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Blast from the past

August 10, 2005

Week of Aug. 7, 1955


Who said birds are dumb? Some might be, but there's a pair of pigeons in town who showed a lot of intelligence when they picked a place to raise a family. They chose the area outside a window in a downtown department store. The exact location of this pigeon home? The window ledge outside Eyerly's babies department. The first squab hatched Monday. Clerks in the department say they expect Papa Pigeon to flutter in and buy layettes as soon as the second egg is hatched.




The current hot spell - which is setting a record for length - can't hold a candle as yet to the torrid wave that gripped this county in 1930.

E. Lester Burgesser, Cavetown amateur observer, says the 1930 spell had temperatures over the 100 mark for days on end and, coupled with a lack of rain or dew, caused grass to dry up, corn to fail and fruit to suffer in size.

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A new all-time peak for use of electricity supplied by Municipal Electric Light Plant was established yesterday, officials said. In the past, peak use of electricity has been in December.

But yesterday more electricity was used in Hagerstown than in any 24-hour period in the history of the City plant.




Week of Aug. 7, 1980


Clear Spring, Conococheague and Maugansville Elementary school parents protested en masse Tuesday over changes in school bus schedules that will move up the morning starting time and make 8 o'clock scholars of the youngest children in the school system.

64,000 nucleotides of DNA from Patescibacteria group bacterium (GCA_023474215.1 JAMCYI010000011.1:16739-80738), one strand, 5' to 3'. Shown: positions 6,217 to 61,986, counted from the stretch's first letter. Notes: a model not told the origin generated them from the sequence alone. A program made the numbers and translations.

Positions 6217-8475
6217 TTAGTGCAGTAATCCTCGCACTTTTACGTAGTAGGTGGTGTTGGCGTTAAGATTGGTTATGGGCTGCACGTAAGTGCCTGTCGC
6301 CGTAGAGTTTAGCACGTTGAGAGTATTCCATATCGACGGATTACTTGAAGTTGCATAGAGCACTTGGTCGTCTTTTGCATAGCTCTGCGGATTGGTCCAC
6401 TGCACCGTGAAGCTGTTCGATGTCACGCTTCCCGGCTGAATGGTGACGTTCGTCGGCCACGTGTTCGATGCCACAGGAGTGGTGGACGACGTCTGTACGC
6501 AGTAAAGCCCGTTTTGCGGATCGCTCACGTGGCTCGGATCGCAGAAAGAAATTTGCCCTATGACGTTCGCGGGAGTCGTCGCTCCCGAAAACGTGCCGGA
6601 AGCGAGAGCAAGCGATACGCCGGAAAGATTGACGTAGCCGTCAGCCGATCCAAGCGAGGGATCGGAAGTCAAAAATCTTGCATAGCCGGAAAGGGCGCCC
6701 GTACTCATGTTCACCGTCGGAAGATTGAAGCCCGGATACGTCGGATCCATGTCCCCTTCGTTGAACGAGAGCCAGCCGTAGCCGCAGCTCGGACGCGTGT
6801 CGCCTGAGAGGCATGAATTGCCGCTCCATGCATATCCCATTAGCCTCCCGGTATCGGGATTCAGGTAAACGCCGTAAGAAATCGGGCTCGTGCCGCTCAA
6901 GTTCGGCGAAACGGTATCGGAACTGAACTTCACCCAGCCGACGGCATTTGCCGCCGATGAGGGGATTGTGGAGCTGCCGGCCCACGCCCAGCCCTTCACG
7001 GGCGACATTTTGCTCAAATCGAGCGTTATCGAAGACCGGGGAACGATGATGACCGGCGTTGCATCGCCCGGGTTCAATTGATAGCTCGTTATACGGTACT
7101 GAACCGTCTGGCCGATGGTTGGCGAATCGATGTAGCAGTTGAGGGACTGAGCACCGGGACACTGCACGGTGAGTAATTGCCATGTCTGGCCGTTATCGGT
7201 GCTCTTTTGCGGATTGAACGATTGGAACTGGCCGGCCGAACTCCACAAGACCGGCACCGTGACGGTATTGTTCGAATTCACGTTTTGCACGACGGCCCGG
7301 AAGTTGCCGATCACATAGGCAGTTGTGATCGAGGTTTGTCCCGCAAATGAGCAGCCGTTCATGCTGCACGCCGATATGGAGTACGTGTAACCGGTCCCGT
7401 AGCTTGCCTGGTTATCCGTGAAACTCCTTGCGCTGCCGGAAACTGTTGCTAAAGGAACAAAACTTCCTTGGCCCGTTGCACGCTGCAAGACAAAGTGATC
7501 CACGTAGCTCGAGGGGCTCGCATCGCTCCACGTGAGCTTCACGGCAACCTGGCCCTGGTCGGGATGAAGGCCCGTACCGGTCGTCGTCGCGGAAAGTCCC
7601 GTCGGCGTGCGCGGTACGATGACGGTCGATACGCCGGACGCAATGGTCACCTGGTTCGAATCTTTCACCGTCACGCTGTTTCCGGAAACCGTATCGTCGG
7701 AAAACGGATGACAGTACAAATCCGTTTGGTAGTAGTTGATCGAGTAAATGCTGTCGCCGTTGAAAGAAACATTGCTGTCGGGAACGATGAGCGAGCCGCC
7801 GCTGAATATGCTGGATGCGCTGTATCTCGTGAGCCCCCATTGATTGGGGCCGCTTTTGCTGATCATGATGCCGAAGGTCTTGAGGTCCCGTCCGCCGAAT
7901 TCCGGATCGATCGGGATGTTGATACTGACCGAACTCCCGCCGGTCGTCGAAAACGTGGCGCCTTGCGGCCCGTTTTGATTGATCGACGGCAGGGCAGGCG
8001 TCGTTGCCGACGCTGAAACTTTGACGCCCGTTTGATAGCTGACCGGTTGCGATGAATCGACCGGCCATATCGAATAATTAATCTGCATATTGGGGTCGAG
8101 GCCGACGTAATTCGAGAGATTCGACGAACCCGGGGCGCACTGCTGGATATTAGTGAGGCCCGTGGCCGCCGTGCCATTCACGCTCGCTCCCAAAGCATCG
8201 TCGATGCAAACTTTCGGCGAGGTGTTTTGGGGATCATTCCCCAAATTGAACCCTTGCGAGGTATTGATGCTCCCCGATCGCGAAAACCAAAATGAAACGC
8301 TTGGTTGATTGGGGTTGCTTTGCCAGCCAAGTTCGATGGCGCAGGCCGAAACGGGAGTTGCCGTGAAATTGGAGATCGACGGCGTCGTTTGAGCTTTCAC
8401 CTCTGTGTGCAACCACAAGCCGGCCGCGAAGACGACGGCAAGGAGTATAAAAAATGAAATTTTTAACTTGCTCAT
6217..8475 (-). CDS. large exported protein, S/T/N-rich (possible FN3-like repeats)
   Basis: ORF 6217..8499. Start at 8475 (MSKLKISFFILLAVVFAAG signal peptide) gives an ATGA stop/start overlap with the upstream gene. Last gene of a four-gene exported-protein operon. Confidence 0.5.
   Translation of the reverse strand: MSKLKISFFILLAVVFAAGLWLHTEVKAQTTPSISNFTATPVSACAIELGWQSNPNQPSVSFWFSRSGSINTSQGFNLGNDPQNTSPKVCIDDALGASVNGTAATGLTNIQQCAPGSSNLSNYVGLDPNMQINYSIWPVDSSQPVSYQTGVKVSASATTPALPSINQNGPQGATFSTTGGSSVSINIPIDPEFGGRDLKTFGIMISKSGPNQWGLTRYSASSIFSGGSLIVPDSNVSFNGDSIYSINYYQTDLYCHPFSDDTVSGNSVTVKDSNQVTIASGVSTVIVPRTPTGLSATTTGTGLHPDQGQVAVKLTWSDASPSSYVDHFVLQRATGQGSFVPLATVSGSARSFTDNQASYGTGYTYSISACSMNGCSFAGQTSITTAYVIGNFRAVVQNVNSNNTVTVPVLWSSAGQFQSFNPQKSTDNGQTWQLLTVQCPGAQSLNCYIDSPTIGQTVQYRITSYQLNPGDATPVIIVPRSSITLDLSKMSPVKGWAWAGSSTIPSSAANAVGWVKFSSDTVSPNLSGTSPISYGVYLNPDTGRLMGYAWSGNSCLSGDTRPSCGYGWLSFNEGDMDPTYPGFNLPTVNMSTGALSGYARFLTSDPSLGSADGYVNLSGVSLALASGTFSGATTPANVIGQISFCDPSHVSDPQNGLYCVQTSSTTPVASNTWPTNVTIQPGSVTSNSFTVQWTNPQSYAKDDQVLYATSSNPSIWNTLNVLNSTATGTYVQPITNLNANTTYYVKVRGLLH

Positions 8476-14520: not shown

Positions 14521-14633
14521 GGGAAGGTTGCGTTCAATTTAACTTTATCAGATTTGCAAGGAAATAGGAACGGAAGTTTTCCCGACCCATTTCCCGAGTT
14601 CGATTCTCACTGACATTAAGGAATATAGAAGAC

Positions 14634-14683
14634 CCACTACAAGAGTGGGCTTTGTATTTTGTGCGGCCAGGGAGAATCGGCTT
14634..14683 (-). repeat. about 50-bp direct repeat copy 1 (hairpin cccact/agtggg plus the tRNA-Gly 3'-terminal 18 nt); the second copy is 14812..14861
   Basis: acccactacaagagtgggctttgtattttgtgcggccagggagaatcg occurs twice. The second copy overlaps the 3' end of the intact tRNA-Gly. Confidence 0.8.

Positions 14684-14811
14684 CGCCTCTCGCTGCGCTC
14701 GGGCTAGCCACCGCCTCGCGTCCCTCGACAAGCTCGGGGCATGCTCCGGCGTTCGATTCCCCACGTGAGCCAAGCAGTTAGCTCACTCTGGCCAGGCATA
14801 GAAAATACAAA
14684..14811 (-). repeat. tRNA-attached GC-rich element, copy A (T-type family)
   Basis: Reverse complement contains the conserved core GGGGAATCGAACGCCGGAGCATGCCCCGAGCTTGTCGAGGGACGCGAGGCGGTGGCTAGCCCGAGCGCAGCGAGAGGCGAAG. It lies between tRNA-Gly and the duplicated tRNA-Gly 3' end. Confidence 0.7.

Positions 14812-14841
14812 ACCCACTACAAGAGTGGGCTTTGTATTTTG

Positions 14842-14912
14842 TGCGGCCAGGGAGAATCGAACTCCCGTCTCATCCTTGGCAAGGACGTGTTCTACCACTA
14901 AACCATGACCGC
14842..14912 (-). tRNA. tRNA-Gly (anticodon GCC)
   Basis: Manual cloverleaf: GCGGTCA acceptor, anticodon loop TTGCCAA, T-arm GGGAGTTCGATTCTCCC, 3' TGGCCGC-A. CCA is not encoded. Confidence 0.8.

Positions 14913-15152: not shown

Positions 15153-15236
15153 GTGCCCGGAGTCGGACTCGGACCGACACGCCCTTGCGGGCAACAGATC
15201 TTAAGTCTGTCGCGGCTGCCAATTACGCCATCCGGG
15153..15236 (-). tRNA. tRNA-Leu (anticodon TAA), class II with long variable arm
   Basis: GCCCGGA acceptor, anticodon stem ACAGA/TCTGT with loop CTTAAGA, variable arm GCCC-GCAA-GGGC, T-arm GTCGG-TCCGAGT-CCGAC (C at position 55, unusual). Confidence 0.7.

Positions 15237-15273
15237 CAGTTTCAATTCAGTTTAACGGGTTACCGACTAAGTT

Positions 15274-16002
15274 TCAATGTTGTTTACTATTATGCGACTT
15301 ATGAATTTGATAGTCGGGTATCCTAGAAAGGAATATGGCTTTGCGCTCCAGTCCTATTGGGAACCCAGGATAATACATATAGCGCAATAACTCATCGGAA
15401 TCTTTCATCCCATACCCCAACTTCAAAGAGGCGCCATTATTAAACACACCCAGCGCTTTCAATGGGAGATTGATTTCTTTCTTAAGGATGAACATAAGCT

Parents protested that youngsters, who would have to board buses at 7 a.m. in some cases, would miss needed sleep, perhaps breakfast, or be required to go to bed as early as 6:30 to 8 p.m. to get enough rest.




Washington County Commissioners hired 40 students to summer jobs this year, but didn't advertise for applicants or interview the 110 youths who applied for work. Instead, they appointed job seekers on a much more casual basis.

"I appointed anybody that called me and asked for work," said Commissioner Burt Hoffman, whose view was representative. "This is the way it's always been done."




There was a wedding on Hagerstown's Public Square Thursday, but there were no bells and no formal dress for the occasion. John McBride of Dayton, Ohio and his bride, Julie Cohen from Willow Springs, Mo., decided to marry here because it's cheaper and Maryland requires no blood test. The couple plans to hitchhike home, where McBride will work on a riverboat and his wife will prepare to start the family they want.

- Compiled by Jean Baraclough

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